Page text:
The Plant Microbiome as an External Organ
The rhizosphere is a complex system along a plant’s roots that is comprised of the bacteria, fungi, and their secondary metabolites that colonize this zone. It has been shown that there is a spatial and temporal relationship that exists within the chemical network of the rhizosphere, but how this spatiotemporal relationship is established and functions remains unclear. Currently, we are interested in understanding reaction-diffusion networks within the rhizosphere and their impact on climate change.
Amphiphiles and 2-step Nucleation of Biomaterials
Prion-like low complexity domains (PLCD) exist as head-to-tail linked amphiphiles, accessing liquid-liquid phase transitions enable spatiotemporal cellular organization critical in division, signaling, and transcriptional regulation.
Intrinsically disordered (IDP) biomolecular condensates are found in ribonucleoprotein bodies, the nucleolus, and as domain of ~40% of all eukaryotic proteins.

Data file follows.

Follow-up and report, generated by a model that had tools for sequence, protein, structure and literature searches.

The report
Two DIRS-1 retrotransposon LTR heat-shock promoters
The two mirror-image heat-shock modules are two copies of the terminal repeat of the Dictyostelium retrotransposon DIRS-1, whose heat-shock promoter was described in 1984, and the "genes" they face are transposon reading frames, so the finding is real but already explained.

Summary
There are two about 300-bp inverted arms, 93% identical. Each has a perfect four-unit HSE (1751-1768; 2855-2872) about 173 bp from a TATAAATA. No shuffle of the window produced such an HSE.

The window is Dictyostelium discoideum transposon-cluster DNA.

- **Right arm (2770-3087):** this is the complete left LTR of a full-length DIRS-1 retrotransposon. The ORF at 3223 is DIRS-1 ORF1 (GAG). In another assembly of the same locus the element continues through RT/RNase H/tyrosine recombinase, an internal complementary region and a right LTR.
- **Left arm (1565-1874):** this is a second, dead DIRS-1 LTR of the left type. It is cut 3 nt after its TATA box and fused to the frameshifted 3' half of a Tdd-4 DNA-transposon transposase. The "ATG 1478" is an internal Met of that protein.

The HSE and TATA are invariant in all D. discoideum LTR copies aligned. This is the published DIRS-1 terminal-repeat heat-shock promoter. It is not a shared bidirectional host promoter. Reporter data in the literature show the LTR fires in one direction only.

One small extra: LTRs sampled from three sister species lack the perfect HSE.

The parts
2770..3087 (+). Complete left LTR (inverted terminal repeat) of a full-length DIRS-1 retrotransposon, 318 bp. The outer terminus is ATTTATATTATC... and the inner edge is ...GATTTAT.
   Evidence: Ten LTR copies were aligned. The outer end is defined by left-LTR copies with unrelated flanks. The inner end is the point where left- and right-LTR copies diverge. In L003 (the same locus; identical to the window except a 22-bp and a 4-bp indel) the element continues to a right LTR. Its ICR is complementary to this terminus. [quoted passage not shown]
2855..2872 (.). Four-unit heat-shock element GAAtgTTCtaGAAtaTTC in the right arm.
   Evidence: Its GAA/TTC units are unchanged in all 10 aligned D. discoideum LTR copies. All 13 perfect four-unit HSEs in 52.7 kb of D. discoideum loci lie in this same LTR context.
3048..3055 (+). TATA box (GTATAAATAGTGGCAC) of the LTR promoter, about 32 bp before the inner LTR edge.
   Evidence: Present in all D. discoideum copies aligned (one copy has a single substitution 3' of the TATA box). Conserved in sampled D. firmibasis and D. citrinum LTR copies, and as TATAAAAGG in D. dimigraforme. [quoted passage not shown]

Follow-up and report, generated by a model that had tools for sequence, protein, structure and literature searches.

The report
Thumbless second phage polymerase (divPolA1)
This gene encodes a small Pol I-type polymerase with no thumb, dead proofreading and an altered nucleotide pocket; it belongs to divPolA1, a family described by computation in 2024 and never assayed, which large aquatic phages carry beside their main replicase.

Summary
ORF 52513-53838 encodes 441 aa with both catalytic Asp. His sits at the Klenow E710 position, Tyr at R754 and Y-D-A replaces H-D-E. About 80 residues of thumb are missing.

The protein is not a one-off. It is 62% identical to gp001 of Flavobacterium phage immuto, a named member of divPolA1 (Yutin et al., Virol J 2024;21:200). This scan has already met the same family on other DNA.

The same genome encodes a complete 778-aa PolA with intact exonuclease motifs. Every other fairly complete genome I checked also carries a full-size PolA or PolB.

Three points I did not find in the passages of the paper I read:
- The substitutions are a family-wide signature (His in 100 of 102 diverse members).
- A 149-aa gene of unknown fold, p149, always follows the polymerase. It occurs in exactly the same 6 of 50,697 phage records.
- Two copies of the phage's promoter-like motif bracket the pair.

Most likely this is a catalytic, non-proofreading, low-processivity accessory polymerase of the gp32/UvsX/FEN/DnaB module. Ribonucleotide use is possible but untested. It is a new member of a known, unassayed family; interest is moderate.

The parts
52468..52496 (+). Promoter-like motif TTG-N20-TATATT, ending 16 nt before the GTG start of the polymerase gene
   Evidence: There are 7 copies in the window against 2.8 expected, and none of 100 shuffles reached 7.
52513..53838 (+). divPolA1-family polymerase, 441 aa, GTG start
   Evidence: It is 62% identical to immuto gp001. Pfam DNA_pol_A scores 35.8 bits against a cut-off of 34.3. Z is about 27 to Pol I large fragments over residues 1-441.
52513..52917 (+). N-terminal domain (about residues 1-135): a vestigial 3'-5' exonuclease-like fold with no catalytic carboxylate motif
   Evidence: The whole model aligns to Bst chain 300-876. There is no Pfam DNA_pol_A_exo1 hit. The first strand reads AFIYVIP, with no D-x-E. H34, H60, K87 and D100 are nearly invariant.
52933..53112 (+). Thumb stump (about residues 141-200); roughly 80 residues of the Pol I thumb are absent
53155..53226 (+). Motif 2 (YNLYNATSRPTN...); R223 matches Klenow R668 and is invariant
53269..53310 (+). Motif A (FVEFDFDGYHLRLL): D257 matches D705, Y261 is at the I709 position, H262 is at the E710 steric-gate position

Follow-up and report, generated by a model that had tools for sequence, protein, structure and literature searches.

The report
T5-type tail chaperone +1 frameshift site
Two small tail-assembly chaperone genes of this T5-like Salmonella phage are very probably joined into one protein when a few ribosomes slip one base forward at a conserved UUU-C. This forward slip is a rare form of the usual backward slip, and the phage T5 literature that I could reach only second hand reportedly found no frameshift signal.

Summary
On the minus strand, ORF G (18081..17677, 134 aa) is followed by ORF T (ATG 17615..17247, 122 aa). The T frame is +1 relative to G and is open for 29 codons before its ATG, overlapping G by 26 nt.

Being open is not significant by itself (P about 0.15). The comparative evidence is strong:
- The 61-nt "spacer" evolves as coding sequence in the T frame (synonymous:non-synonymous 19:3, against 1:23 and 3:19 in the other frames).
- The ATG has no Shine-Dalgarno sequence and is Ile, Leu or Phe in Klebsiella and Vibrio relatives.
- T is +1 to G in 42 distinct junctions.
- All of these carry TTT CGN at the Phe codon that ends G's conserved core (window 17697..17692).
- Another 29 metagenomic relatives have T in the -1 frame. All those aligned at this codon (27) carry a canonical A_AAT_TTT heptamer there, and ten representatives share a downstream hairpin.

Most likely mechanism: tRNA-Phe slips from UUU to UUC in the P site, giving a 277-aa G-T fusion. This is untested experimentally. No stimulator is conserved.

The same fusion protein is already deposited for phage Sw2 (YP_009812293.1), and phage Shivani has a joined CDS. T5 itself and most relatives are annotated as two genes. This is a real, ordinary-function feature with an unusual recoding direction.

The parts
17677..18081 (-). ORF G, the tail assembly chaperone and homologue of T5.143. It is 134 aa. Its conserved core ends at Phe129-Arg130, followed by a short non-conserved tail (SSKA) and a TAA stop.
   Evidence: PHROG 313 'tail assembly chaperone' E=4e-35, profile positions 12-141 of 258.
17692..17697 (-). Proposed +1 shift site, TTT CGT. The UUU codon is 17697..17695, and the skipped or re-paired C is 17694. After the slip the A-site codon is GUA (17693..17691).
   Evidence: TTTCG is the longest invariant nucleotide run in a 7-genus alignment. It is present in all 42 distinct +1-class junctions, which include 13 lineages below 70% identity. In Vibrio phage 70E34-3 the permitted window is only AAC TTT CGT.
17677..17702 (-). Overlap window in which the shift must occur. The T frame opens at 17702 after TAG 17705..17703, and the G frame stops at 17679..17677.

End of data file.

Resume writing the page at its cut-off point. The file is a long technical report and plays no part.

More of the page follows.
Peptide/Nucleic Acid Co-assemblies
Oligonucleotides can template assembly of positively charged peptides like Ac-KLVIIAG-NH2 and Ac-RLVIIAG-NH2 into well-ordered cross-β peptide leaflets that order into multi-lamellar nanotubes. While these short peptides can self-assemble into fibrillar structures on their own, the presence of polyanionic templates could provide a different pathway for assembly via charge passivation, which result in entirely different morphology (fibers vs. multilamellar nanotubes). Furthermore, the spatial arrangements of negative charges along the template could greatly affect template stability, dictating whether or not cooperative assembly could occur. These interactions can are also seen in proteins and DNA in vivo, and recapitulating such complex phenomena with such minimal model systems could further elucidate the mechanisms that control dynamic supramolecular assemblies seen in cells.